Trekking through the Italian village of San Giorgio, I was welcomed by colorful houses against the backdrop of roving mountains, smells of gnocchi and wine wafting through kitchen windows where laundry hung, and red-tiled roofs sheltering a cross and a hanging Christ all along the cobblestoned way.
Some of these crosses were a gruesome sight, with Jesus’s open wounds festering, his face in utter agony. In some, creatures even pecked at him. The contrast was almost spooky—this beautiful, quaint scenery sprinkled with graphic homages to a dying man. I respected the deep reverence for Jesus that was so vivid in this small Catholic town, but I wondered why he was depicted in such a suffering, sometimes frightful, light—why his death was more iconic than his life. An unsettling feeling came over me, and I stopped to think, “Why is Jesus’s death so celebrated anyway?”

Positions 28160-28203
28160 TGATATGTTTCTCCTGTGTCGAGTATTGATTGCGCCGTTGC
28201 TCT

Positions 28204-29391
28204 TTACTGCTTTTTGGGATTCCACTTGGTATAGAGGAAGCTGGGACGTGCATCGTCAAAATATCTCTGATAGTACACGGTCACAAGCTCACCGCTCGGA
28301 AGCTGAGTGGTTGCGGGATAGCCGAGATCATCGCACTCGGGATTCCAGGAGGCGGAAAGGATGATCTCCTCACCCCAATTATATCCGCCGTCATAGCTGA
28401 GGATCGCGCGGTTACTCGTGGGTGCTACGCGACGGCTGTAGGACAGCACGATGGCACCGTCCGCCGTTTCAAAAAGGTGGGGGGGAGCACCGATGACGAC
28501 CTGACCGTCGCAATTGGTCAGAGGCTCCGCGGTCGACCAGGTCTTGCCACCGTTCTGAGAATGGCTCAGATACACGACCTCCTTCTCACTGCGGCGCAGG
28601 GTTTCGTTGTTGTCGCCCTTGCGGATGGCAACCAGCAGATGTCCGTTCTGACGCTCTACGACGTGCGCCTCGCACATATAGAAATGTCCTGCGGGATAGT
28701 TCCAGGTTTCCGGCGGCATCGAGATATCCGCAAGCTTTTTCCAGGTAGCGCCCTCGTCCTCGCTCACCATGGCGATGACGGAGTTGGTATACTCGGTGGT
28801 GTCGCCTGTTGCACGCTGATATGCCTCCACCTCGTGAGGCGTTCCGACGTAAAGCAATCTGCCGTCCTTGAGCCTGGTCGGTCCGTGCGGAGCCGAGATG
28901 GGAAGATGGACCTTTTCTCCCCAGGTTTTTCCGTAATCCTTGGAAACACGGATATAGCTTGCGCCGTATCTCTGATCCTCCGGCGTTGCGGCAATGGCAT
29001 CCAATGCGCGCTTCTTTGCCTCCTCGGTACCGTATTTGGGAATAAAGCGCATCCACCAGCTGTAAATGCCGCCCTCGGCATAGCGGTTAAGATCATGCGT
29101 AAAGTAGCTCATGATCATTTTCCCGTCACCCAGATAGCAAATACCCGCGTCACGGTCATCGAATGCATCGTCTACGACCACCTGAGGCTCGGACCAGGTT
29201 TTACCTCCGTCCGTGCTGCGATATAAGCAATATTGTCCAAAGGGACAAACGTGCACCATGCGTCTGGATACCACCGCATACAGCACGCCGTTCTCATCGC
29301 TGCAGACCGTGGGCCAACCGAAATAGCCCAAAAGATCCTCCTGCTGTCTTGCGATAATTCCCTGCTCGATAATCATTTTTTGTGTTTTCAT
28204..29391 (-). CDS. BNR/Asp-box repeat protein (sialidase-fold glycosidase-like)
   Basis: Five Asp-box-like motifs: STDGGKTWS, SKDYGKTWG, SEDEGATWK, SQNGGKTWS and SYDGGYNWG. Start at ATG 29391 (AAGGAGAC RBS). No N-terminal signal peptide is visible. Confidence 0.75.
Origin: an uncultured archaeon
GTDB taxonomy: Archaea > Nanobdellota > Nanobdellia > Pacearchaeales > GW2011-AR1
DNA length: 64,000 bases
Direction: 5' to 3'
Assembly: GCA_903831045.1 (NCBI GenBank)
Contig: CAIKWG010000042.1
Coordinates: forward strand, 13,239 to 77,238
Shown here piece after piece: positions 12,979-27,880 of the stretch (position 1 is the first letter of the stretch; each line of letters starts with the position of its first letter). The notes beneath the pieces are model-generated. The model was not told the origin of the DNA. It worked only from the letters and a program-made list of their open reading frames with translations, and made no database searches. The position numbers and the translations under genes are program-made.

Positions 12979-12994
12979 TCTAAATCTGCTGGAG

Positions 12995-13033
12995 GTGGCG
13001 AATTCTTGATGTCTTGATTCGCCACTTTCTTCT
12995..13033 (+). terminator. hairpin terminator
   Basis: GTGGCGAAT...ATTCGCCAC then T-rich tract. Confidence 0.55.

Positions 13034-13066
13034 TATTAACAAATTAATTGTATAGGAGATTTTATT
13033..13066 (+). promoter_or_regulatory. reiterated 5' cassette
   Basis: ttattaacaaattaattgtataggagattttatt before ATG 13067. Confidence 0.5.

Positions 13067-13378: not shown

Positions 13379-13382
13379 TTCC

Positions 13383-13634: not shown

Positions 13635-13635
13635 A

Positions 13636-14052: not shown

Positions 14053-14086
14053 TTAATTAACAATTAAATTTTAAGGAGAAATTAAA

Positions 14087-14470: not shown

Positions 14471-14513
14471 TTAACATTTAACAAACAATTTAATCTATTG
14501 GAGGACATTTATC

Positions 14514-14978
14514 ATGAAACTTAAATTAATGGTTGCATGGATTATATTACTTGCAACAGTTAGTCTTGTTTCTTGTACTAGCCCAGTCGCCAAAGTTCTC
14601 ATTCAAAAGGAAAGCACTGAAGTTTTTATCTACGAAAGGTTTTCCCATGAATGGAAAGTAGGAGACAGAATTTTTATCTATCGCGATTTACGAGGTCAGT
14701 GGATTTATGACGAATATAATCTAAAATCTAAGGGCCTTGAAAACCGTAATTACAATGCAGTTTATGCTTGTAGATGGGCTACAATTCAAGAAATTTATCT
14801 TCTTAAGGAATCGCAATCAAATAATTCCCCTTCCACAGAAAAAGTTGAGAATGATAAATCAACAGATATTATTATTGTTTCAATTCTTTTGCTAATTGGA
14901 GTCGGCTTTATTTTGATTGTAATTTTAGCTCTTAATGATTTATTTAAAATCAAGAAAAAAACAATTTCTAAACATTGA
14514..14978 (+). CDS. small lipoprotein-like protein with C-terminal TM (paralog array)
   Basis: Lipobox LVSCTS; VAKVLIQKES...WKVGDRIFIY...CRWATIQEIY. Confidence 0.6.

When people talk about Jesus’s death today, it’s often with an automatic reverence. “Let’s give thanks to our Lord and Savior, who died for our sins and forgave us all.” But do we ever stop and think about how God feels about Jesus, then and now? I wondered if, to God, these last thousands of years were just a speck in the history of the universe, with the death of Jesus and the sad condition of humanity today still very close to His heart. While Christianity has been able to find the silver lining to Jesus’s death over the generations, what does God see? Isn’t there still violence, death, abuse and misuse of love in the world? Do we still need Jesus? Are we really saved from sin?
Father Moon asks a controversial question:
“People say that Jesus came to die. Was his death indeed predestined by God, or was it an event brought on by circumstance?” (World Scripture, 507)
Could Jesus’s life have been destined for more than the cross?